The house of film legend Emilio "el Indio" Fernández, host a yearly monumental set of altars to celebrate the Day of the Dead.
In southern Mexico City stands the colonial town of Coyoacán, a place that enchants with its beautiful traditional streets, its colorful parks, and of course, stunning buildings that can take you back in time. It's no surprise that personalities like Frida Kahlo and Diego Rivera chose this gorgeous place to live and create their now-iconic art. Another legend of Mexico's history that set roots in Coyoacán was Emilio Fernández, best known as 'el Indio Fernández.'
The filmmaker, actor, and (according to the legend) the inspiration behind the Oscar statuette, built his famous and monumental Casa Fuerte el Indio Fernández not only intended to be his home but also a movie set right in the city. With thick and strong walls made with volcanic stone and maze-like rooms, el Indio Fernández's house is a landmark of its own. However, around the Day of the Dead festivities, the Casa Fuerte el Indio Fernández becomes a monumental altar that welcomes some of the most iconic souls of Mexican history and culture.
Emilio Fernández started building his iconic house in 1947 in the corner of the streets of Zaragoza and Dulce Olivia in Coyoacán. Together with architect Manuel Parra, the monumental house became a historical location where various important guests including Frida Kahlo, Diego Rivera, and several personalities from Mexico's Golden Age of Cinema. Both el Indio's and Parra's ashes rest in the house that they loved so much. Legend has it that days before dying, Emilio told the architect that they had already created their own paradise to rest for eternity.
As mentioned, every year the entire house gets ready to celebrate the dead with traditional decorations and thematic altars honoring Mexican history and culture. The house tradition started in 1986 when Emilio Fernández passed. His daughter Adela Fernández, wanted to honor his memory and allow the people to know a little bit more of his story, legacy, and iconic house.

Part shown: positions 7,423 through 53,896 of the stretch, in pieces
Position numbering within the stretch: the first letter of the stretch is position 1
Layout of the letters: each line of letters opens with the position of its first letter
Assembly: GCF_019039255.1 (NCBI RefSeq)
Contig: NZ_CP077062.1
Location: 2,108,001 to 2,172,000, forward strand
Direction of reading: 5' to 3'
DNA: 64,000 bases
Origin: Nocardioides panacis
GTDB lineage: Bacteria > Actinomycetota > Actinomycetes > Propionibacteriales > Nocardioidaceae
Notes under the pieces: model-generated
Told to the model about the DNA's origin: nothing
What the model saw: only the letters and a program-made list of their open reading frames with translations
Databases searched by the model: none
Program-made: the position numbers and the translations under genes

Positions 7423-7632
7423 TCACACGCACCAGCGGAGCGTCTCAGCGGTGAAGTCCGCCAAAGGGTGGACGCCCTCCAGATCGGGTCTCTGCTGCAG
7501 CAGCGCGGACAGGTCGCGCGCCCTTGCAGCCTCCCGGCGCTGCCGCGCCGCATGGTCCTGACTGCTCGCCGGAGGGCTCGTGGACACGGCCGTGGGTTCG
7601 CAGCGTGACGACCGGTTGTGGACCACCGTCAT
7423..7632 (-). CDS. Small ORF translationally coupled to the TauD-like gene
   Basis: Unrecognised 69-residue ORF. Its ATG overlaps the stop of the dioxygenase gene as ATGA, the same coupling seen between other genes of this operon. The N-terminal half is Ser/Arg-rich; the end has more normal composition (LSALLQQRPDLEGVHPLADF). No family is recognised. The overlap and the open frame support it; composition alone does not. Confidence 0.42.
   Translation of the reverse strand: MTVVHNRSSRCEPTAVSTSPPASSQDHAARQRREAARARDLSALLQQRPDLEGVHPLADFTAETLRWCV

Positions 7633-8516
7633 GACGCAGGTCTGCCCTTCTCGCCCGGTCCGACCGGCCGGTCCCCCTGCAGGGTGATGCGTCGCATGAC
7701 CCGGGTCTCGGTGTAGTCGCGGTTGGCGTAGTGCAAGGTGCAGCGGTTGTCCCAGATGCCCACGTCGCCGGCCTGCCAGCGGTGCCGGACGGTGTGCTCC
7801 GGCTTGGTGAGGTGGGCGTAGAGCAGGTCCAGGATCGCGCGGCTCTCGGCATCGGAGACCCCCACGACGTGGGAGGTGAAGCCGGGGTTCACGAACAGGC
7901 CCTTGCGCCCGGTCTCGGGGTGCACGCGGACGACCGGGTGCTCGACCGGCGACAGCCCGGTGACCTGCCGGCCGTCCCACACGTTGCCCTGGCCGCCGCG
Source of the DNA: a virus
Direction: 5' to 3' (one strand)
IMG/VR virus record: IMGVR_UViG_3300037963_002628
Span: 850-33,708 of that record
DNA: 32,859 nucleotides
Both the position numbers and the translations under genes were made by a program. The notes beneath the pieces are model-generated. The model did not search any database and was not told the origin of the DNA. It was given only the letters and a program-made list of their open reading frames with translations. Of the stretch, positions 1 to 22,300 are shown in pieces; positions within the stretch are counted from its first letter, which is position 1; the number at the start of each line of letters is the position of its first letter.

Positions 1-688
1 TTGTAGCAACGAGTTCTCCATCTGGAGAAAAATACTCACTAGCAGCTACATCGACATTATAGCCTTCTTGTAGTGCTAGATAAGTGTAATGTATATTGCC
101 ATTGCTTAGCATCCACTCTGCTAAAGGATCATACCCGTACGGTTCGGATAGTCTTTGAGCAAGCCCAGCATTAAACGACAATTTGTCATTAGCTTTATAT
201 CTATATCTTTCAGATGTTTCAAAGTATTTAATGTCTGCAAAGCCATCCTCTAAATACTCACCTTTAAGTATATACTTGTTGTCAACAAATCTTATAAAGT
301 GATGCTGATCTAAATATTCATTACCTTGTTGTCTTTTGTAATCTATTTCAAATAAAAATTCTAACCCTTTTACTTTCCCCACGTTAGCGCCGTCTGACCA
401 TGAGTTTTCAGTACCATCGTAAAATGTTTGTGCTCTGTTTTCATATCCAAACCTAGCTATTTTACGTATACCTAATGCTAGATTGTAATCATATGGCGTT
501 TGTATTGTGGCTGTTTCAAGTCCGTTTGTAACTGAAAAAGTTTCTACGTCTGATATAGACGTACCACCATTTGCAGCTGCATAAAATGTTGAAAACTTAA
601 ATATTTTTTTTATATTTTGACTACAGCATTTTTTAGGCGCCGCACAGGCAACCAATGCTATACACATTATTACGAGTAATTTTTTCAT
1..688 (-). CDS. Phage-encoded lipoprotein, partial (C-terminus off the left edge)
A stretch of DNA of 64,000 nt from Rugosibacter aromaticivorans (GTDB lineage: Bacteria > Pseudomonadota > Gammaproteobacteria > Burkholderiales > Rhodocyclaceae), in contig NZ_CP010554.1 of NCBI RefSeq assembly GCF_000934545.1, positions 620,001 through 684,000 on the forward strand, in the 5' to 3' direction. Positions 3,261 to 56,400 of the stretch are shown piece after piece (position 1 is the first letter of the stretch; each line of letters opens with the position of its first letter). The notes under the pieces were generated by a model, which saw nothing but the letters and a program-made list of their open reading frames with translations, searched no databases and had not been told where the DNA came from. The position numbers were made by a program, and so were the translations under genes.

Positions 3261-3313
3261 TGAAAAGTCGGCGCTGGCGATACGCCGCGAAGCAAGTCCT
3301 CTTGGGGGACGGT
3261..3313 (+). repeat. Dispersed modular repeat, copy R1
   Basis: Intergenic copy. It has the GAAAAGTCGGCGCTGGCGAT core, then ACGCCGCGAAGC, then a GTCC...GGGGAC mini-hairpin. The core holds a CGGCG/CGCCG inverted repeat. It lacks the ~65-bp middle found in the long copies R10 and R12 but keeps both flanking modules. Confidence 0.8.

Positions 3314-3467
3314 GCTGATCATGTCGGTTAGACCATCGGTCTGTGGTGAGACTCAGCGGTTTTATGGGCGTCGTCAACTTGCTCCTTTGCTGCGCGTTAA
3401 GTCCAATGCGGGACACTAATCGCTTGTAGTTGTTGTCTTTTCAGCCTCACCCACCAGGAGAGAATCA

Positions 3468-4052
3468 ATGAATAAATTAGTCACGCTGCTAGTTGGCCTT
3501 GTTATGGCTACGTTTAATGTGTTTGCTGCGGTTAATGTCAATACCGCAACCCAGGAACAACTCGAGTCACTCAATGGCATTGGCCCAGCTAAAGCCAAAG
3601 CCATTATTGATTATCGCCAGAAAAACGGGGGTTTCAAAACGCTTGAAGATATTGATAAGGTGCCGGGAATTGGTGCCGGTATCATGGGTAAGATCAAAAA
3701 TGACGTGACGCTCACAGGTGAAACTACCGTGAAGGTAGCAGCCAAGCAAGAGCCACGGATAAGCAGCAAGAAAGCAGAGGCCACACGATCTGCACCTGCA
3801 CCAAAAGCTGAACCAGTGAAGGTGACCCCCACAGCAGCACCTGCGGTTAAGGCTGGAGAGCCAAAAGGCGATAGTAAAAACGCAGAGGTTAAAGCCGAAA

The first Day-of-the-dead altar that Adela installed in the house honoring her father was placed on the great dining room, a place where history was made, and a place where many legends and personalities of the day shared a meal and some drinks. Even Marilyn Monroe and Olivia de Havilland became honorary guests. As years went by, and many of the legendary close friends of the film legend joined him in the afterlife, the altar started to get bigger and bigger, turning it into a monumental set of altars.
Despite being a touristic destination nowadays, the altars are still set and organized by the surviving family of Emilio Fernández and the many friends being honored in it, following the family tradition of the festivity. The families of great legends like Jorge Negrete, Agustín Lara, Frida Kahlo, and many more, help out by lending some important garments and objects that belonged to these legends.
For over two decades, Adela Fernández and her children, Emilio Quetzalcóatl and Atenea devoted her heart and soul to the organization of the altars, and after the passing of Atenea and later on Adela, in 2013, her son Emilio Quetzalcóatl has taken over the job making the tradition survive.
"I do not dare to affirm that the altar serves the dead to grow spiritually and to resolve their ties with the earth. But I am sure that it does us, the living, a lot of good to worship them. To give them recognition; to make their presence palpable in our lives," Adela used to say.
The Casa Fuerte el Indio Fernández is open to the public all year where and visitors can learn more about the work and life of the film legend as well as visit the horse stables and try some of the delicious treats prepared at the enormous kitchen called "Sabrosuras de la Muerte" (Death's delicacies) in honor of Adela Fernández's book of recipes.
As for the altars, they are open one week before and one after Day of the Dead. During this time, the house offers thematic shows and performances as well as delicious traditional food and some drinks. Definitely a great experience for those who love Mexican traditions as well as colorful art.
Photos by María Isabel Carrasco Cara ChardsPodría interesarte